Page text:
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Ali Alexander says 3 GOP congressmen helped him plan DC rally

  • The organizer behind the meeting that preceded the siege of the Capitol said that three GOP congressmen, rep. Andy Biggs, Mo Brooks and Paul Gosar helped him plan last week’s event.
  • Biggs and Brooks refused to help Ali Alexander, and a spokesman for Gosar denied a request for comment.
  • “The four of us planned to put maximum pressure on Congress while they voted,” Alexander said.
  • Visit the Business Insider website for more stories.

Ali Alexander, the organizer of the “Stop the Steal” movement, said three Republican lawmakers helped him plan the Jan. 6 rally that preceded the armed uprising at the Capitol, which left five dead.

Alexander said that rep. Andy Biggs, Mo Brooks and Paul Gosar helped him plan the event, which took place as Congress was getting ready to certify the election of President-elect Joe Biden, The Washington Post reported.

“The four of us planned to put maximum pressure on Congress while they voted,”

; Alexander said in a recently deleted Periscope video.

He added to The Post that the plan was to “change the hearts and minds of Republicans who were in that body and hear our loud roar from outside.”

A spokeswoman for Gosar told Insider: “The congressman has no comments at this time.”

Daniel Stefanski, spokesman for rep. Andy Biggs, told Insider that Alexander’s claims were “absolutely false.”

Congressman Biggs is not aware of hearing about or meeting Alexander at any time – let alone working with him to organize part of a planned protest on January 6. “He had no contact with protesters or insurgents, nor had he ever encouraged or promoted the demonstration or protest on January 6,” Stefanski said.

Insider could not reach Brooks for comment at the time of publication, but in an official statement from his office, he said he did not know the siege of the Capitol would occur after he spoke at a meeting prior to it.

“Besides, I spoke very early in the political session. There was music, there was my speech, there was more music, then there were a number of speakers, so a few hours later, President Trump started speaking,” Brooks said.

“I ask this question, if my remarks were as inspiring as the Social Democrats and their fake news allies would have the public believe, why did Trump not immediately raise the participants after my remarks and storm the Capitol?” the statement said.

On January 6, Trump supporters broke over the U.S. Capitol and law enforcement clashes that halted Congress’ joint session as lawmakers discussed challenges to election votes before confirming Biden’s election. Five people died, including a police officer in the Capitol and a woman who was shot by police.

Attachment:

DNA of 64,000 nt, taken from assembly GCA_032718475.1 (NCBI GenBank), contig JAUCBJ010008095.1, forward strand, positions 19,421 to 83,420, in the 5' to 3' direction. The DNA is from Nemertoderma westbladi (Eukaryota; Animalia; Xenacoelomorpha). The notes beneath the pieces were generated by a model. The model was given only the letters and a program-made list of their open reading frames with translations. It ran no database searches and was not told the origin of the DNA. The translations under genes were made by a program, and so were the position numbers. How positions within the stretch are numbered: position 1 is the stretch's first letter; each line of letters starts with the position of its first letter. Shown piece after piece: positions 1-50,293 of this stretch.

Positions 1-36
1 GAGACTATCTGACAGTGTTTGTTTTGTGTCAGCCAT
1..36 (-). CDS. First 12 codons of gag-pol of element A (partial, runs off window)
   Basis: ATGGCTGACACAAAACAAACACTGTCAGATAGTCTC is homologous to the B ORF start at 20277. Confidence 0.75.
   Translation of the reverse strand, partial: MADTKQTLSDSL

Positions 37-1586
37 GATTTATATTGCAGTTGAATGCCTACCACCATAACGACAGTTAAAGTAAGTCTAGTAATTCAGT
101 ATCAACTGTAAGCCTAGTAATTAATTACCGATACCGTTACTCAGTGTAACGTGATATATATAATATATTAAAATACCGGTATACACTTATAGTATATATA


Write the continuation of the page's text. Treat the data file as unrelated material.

One week later, Republican President Donald Trump accused him of “inciting rebellion” for his role in the armed uprising.

Read more:‘It was degrading’: Custody staff in the Black Capitol talk about how it felt to clean up the mess left by violent pro-Trump white supremacy

Trump had previously made false and baseless allegations of voter fraud and made false allegations that Vice President Mike Pence, who oversees the certification process in the congressional session, could “decertify” the votes and give him another term.

Other Republicans, including Biggs, Brooks and Gosar, have also been investigated for their language by continuing Trump’s false narrative.

The Daily Beast reported that Alexander, a criminal who grew in popularity to support and support Trump’s voter fraud claims, has since been banned from Twitter, on several occasions last month had suggested they could resort to violence on January 6, if the votes were certified.

“We want to convince them not to certify the vote on January 6 by marching hundreds of thousands, if not millions of patriots, to put their butts in DC and shut the city down, right?” Said Alexander during a meeting in Arizona. “And if we have to explore possibilities after that … ‘yet.’ Yet!”

Alexander attended a meeting the night before the certification vote and led a song of “Victory or Death!”

Gosar tagged Alexander in several Twitter posts the next morning, urging Biden to concede the election (which he won by 7 million votes).

Gosar and Alexander both spoke at an event on Dec. 19, The Post reported. After this event, Gosar called Alexander a “true patriot.” Additionally, a video message from Biggs was played at the same event, where he said he and Brooks would challenge the certification on January 6th.

Alexander called Biggs a “friend” and “hero.” Biggs told CNN he only came on the video at the request of Gosar’s staff.

Alexander told The Post that he remained peaceful during the event and that his speaker had mentioned peace but was misrepresented.

However, in a video he posted after the siege, he said, “I do not reject this. I do not condemn this.”

Azmi Haroun contributed to this report.

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